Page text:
Sep 23, 2021
USDA report shows H-2A program rapidly expanding

The H-2A Agricultural Guest Worker program allows U.S. agricultural employers to hire foreign workers on a temporary or seasonal basis. The program rapidly expanded over the last decade, with certified H-2A positions increasing by more than 200% from 2010-19.

A recently released USDA Economic Research Service report explores how H-2A usage levels differ by agricultural sector, geography, and by the type of firm requesting workers.

What did the study find?

  • The number of certified H-2A positions increased from 79,000 in 2010 to 258,000 in 2019. H-2A employment increased in most regions and sectors.
  • H-2A employment growth was particularly strong in fruit and tree nuts and vegetables and melons. The combined share of H-2A positions certified in these sectors increased from 49 to 67%.
  • H-2A employment by farm labor contractors (FLCs) expanded dramatically from 2010 to 2019. The FLC share of H-2A employment increased from 15 to 42%. FLC shares increased in all sectors though increases were more pronounced in fruit and tree nuts, and vegetables and melons.
  • H-2A workers helped produce a wide array of labor-intensive commodities. The following commodities had the highest use of H-2A in 2019:
  • Vegetables and melons (34% of total H-2A certifications): melons, tomatoes, lettuce, sweet potatoes, cucumbers, onions, and peppers.
  • Fruit and tree nuts (33%): apples, blueberries, strawberries, citrus, cherries and peaches.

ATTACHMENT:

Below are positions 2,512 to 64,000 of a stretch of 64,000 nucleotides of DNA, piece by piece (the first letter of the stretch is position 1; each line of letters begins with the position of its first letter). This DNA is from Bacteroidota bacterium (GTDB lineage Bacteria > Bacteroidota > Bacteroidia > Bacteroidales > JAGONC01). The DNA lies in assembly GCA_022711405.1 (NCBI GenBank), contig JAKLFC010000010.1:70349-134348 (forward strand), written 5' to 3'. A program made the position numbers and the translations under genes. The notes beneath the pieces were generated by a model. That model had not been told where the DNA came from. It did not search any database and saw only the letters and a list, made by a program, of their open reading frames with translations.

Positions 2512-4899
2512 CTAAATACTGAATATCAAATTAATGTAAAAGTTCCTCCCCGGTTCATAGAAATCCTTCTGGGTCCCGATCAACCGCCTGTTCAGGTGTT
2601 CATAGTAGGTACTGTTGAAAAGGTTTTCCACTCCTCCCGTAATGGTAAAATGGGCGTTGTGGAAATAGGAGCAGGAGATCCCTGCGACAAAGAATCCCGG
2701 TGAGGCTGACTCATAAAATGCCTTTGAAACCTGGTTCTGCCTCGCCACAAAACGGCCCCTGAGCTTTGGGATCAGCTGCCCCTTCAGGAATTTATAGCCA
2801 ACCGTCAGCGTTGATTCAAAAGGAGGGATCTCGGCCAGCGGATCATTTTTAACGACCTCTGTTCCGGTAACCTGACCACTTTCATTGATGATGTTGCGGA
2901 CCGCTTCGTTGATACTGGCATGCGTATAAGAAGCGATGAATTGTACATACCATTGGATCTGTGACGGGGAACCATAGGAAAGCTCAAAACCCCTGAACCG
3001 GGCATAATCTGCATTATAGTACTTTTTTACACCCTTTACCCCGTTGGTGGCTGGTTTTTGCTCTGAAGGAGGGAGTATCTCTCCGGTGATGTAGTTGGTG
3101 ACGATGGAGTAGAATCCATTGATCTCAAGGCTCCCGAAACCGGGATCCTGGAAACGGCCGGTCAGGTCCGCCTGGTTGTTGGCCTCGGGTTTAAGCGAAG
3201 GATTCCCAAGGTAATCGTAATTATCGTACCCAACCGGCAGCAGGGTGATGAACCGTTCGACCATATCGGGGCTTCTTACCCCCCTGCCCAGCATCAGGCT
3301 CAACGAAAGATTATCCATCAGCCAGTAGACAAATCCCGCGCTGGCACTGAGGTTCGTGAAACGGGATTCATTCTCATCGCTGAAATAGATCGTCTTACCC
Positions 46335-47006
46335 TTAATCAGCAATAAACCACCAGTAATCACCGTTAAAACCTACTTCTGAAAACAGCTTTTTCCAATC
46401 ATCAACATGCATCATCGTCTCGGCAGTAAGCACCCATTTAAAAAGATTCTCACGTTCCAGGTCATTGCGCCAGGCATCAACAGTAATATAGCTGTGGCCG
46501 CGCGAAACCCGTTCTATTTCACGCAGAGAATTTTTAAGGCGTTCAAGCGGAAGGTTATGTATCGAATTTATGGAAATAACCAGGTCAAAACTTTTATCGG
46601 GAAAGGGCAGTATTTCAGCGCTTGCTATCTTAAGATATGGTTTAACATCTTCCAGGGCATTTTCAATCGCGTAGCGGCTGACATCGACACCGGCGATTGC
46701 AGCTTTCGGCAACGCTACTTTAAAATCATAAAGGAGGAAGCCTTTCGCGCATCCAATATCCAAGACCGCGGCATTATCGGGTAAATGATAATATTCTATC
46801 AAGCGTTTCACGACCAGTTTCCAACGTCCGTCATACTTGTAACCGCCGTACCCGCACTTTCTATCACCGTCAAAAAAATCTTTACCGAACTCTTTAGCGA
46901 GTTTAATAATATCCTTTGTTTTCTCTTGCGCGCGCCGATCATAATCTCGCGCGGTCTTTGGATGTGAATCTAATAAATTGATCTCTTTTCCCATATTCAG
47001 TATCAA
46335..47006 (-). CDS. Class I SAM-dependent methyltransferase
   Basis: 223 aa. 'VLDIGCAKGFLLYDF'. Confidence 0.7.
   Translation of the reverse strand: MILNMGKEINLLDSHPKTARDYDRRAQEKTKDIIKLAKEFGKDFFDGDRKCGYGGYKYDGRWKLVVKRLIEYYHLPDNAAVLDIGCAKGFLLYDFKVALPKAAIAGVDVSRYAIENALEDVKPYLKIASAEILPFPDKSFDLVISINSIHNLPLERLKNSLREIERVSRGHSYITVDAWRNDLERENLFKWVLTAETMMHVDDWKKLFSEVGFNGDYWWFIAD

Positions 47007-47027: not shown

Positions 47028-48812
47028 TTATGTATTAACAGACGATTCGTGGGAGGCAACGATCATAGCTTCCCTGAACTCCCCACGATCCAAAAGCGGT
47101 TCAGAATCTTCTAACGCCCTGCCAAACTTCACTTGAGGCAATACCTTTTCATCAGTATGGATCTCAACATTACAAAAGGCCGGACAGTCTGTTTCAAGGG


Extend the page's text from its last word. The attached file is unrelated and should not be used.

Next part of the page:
• Field crops (20%): tobacco, seed corn and sugarcane.
  • Nursery and greenhouse (8%): nursery and greenhouse, Christmas trees, pine straw and hemp.
  • Animal products (4%): open range livestock (including sheep, goats and cattle), bees, crawfish and horses.
  • Most employers offered to pay H-2A workers hourly wages no greater than the region-specific adverse effect wage rate (AEWR), which is a minimum wage for H-2A workers set by the Department of Labor. Inflation-adjusted H-2A wages (in 2019 dollars) increased for all sectors from 2010 to 2019, on average by 26%.
  • From 2010 to 2019, the average duration of an H-2A labor contract decreased from 6.7 to 5.3 months, a 20 percent decline. The nursery and greenhouse, and animal products sectors showed the most pronounced decreases.
  • In 2019, H-2A employment was highest in states heavy in fruit, vegetable and melon production such as Florida, Washington, Georgia, California, and Michigan; tobacco growing States such as North Carolina and Kentucky; and crawfish and sugarcane producing States such as Louisiana. While most of the growth from 2010 to 2019 came from these large employers, H-2A employment increased in nearly every state.
  • Growers in different states use the H-2A program with widely different intensities (as measured by the ratio of H-2A full-year jobs to total labor expenditures). Intensity is high in the Southeast and low in California and Texas.


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